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Saving packaging is a sensible aim – but the detail needs to be right

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Mineral Products Association

3 min read Partner content

Extended Producer Responsibility for packaging is the right thing to do. But, we need more time to get it right.

Everything we consume comes in packaging, which has an environmental impact, and many of us are keen to reduce the amount of waste generated through the packaging of products we consume. The Government’s policy of Extended Producer Responsibility (EPR) for packaging has a sound rational basis of incentivising producers of packaging to work to minimise how much packaging with their branding on goes to residual waste, ending up in either landfill or incineration.

But while we have all received excessive packaging for consumer items, there are lots of products where packaging is essential. A great example is bagged cement. Cement is a highly alkaline product that needs to be handled with care. There is ongoing work to reduce the material impact of our packaging, with recycled material used in producing the packaging and innovation underway to improve further.

Recycling is also a complex issue for products where packaging is not the main environmental concern. Making cement is currently a carbon-intensive process, although the industry is working hard to deliver the roadmap to beyond net zero, so the environmental benefit of reducing packaging waste needs to be set against the potential impact of inadequately protecting the product and leading to more product waste.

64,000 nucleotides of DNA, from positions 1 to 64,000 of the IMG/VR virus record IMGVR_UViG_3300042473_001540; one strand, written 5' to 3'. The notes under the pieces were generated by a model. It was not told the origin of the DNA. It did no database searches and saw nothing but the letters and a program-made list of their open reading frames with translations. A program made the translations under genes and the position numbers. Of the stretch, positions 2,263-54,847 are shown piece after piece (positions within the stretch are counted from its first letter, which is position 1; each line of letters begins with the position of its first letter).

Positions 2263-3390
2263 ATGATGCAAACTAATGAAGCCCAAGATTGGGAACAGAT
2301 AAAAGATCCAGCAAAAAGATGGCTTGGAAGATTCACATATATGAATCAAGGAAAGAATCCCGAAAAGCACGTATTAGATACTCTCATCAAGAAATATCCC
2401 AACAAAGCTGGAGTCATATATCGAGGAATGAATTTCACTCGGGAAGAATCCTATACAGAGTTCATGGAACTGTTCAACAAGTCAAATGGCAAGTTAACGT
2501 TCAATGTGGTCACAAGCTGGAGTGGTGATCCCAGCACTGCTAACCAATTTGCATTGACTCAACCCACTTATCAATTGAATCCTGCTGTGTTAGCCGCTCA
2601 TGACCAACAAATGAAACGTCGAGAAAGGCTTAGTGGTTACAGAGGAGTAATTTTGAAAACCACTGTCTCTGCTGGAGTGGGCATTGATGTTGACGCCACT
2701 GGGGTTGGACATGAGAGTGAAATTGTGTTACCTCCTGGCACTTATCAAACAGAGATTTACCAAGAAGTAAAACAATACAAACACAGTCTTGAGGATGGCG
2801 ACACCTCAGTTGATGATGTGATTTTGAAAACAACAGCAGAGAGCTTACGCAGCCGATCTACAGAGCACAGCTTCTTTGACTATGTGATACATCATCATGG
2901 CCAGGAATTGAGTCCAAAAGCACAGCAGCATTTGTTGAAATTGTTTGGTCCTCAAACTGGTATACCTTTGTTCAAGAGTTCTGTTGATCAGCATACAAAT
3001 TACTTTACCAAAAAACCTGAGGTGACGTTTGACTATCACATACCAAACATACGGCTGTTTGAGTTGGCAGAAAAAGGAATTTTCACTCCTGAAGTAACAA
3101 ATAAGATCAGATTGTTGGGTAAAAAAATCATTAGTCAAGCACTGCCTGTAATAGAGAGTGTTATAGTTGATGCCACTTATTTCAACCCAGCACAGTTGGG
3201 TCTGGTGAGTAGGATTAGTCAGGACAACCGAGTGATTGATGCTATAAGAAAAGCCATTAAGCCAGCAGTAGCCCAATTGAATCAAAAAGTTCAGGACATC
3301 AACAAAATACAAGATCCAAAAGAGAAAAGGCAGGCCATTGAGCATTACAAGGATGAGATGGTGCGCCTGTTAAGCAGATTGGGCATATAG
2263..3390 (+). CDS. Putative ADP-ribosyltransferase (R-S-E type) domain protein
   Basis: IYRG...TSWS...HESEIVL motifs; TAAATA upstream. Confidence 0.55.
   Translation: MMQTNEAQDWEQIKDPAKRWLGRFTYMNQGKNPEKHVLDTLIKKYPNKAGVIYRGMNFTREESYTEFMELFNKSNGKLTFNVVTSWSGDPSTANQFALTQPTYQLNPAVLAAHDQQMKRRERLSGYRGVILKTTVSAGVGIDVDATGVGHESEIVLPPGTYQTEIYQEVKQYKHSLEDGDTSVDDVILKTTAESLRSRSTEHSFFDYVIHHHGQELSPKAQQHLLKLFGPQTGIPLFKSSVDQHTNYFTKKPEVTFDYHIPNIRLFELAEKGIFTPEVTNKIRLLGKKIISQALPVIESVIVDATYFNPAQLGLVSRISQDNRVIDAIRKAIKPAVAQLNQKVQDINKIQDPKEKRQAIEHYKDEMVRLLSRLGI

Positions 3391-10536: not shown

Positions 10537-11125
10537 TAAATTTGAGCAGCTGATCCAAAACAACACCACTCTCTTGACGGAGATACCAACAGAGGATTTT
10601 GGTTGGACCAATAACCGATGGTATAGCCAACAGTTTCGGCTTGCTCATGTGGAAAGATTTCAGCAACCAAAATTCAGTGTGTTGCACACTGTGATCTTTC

Nonetheless, the mineral products industry supports the principle of the Government’s EPR policy. It is reasonable for companies to be required to collect data on recyclability of waste, and measure how much of it fails to be recycled. But the scheme needs to be introduced in a realistic timeframe that recognises the complexity of implementing EPR in our industry and many others, not simply hurried through. That’s why our industry is calling for a delay to the EPR policy.

Implementation of EPR has fallen behind schedule as decisions drifted on appointing a scheme administrator, and then on administrative setup. This has left businesses with inadequate time to prepare as deadlines loom for reporting and paying charges. Without details of what will be required for reporting and how much will be charged, it is impossible for businesses to prepare properly, or to devote their attention to reducing packaging going to waste. This means that the policy as it stands, if hurried through on the current timetable, is likely to only generate cost, bureaucracy and frustration, with little environmental benefit to show.

MPA is calling for a delay of at least a month for reporting data, and until 2025 for charging to start. This will allow the Government time to properly set up the scheme, and businesses time to prepare and ensure that EPR actually delivers reductions in packaging waste, especially for complex products like cement. EPR for packaging is a sensible approach in theory, but it has proved hard to deliver. Government should not be ashamed of taking the time to get it right.

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